4. Audit documentation. the audit documents as a whole must indicate that internal control was studied and evaluated. From the location of the initials. is designed to demonstrate that the auditor has obtained sufficient. All audit documents are the property of the auditor and are maintained by the auditor in order to support the opinion rendered by the auditor. Because of the great volume of audit documentation accumulated during an . The working paper should also specify any problems that were encountered and their resolution. Auditing literature places emphasis on the existence of appropriate supervisory policies and anticipates that practices will be used by a firm in each audit engagement to verify proper supervision. How might Lakeside fail to pay for goods that were not received? If either the receiving report or the invoice is lost. Furthermore. 5. The receiving report might state that 10 items were actually acquired while the invoice was for 20 or 100. As another possibility. Thus. A CPA firm must establish policies and procedures for the supervision of work at all organizational levels to provide reasonable assurance that the examination conforms to generally accepted auditing standards. One such procedure is to have staff members leave their initials to indicate the completion of a test or later review. competent evidence on which to base an opinion as to the fair presentation of the client's financial statements. some of the audit staff may lack an in-depth knowledge of the client or the client's industry. In addition. The individual doing the review may not notice the discrepancy and erroneously approve the invoice. also called a working paper. this individual might authorize an incorrect invoice in order to receive a kickback from the vendor. receiving report. the working paper shown in Exhibit 6-1 was originally produced by Art Heyman (AH) and subsequently reviewed by Carole Mitchell (CM). the documents will not match and payment cannot be made. thus increasing the possibility of incorrect judgments. the company may wait indefinitely for the other (lost) form before approving the cash disbursement. The working paper must demonstrate that this portion of the examination was properly planned and that all assistants were adequately supervised. Procedures for supervision are necessary to ensure that appropriate judgments and conclusions have been drawn from the work performed. this auditing firm must require acknowledgment at every point of audit judgment to indicate that the supervisors concur with the actions taken. Supervision by auditors having the necessary experience and expertise provides reasonable assurance that sufficient evidence and proper conclusions were obtained. the working paper indicates the testing that was performed and the evidence that was accumulated. Not every member of an audit team will have the expertise necessary to evaluate the handling of each accounting and auditing problem that arises. Thus. 6. and Wallace Andrews (WA). This policy enables the firm to monitor the degree of supervision in each area of the audit as well as to ensure that no critical problem will escape the attention of supervising auditors. Given that overall objective.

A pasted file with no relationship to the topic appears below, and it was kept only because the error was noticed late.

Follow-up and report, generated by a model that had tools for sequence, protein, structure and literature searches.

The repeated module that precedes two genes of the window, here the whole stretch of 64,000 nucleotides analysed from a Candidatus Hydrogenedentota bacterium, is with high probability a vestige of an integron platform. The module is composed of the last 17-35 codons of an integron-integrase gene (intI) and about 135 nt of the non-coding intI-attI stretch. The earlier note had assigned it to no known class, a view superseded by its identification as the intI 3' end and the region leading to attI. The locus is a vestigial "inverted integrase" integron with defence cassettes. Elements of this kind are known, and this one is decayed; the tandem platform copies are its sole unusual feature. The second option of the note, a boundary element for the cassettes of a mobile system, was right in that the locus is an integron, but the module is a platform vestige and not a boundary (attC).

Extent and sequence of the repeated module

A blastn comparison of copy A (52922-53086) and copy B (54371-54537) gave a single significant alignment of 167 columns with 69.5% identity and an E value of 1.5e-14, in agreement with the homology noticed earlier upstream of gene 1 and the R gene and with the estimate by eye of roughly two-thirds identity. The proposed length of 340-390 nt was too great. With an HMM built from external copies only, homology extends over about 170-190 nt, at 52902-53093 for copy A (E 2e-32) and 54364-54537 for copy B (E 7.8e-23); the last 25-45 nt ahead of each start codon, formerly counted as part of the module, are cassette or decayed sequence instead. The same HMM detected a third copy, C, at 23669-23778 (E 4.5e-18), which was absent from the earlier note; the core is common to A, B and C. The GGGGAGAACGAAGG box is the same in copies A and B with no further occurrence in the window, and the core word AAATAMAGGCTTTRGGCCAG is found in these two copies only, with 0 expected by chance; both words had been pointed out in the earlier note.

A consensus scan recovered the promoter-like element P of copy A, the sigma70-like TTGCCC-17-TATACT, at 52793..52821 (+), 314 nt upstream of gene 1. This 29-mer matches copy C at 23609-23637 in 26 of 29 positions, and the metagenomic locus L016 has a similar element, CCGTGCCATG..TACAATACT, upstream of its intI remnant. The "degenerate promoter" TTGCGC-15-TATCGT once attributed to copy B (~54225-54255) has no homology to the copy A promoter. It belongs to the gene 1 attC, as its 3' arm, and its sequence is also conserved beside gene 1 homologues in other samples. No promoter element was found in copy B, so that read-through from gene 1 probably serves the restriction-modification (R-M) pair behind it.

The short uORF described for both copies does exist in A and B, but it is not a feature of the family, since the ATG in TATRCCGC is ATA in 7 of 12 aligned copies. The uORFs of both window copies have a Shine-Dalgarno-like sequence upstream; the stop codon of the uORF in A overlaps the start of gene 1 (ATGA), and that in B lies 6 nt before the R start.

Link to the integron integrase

8. some firms have standardized audit procedures for use on all audits. by having to furnish this information. Abernethy and Chapman may be using a code in which the letter N refers to the inventory account. engagement. Indexing allows the auditor easier access to the various documents and expedites the review process. One of the purposes of audit documentation is to serve as an historical record of all audit testing performed by the CPA firm. Audit procedures are the steps that are required to test a particular control. Also. and this particular document presents the results of the second testing procedure performed on that account. To assure that the audit documents clearly reflect the procedures that were carried out and the evidence gathered. the staff auditor is more likely to understand the purpose of the procedures being applied. This documentation provides a guideline for future audits but. For quality control standards. transaction. or account. The "N-2" designation on this document is apparently part of an indexing system. However. and the conclusions reached be included in the documentation of each test. Some firms write procedures specifically designed for a particular audit client. . serves as evidence should the auditor's work ever come under question. more importantly. Furthermore. most firms use an indexing system to organize all materials. standardized procedures are preferable to ensure that all audits are performed in a like fashion. 7. many auditing firms require that the objective. these standardized procedures should be supplemented with procedures designed to meet the particular circumstances of each client. although no indication is given in the case as to the actual derivation of the symbols. the scope.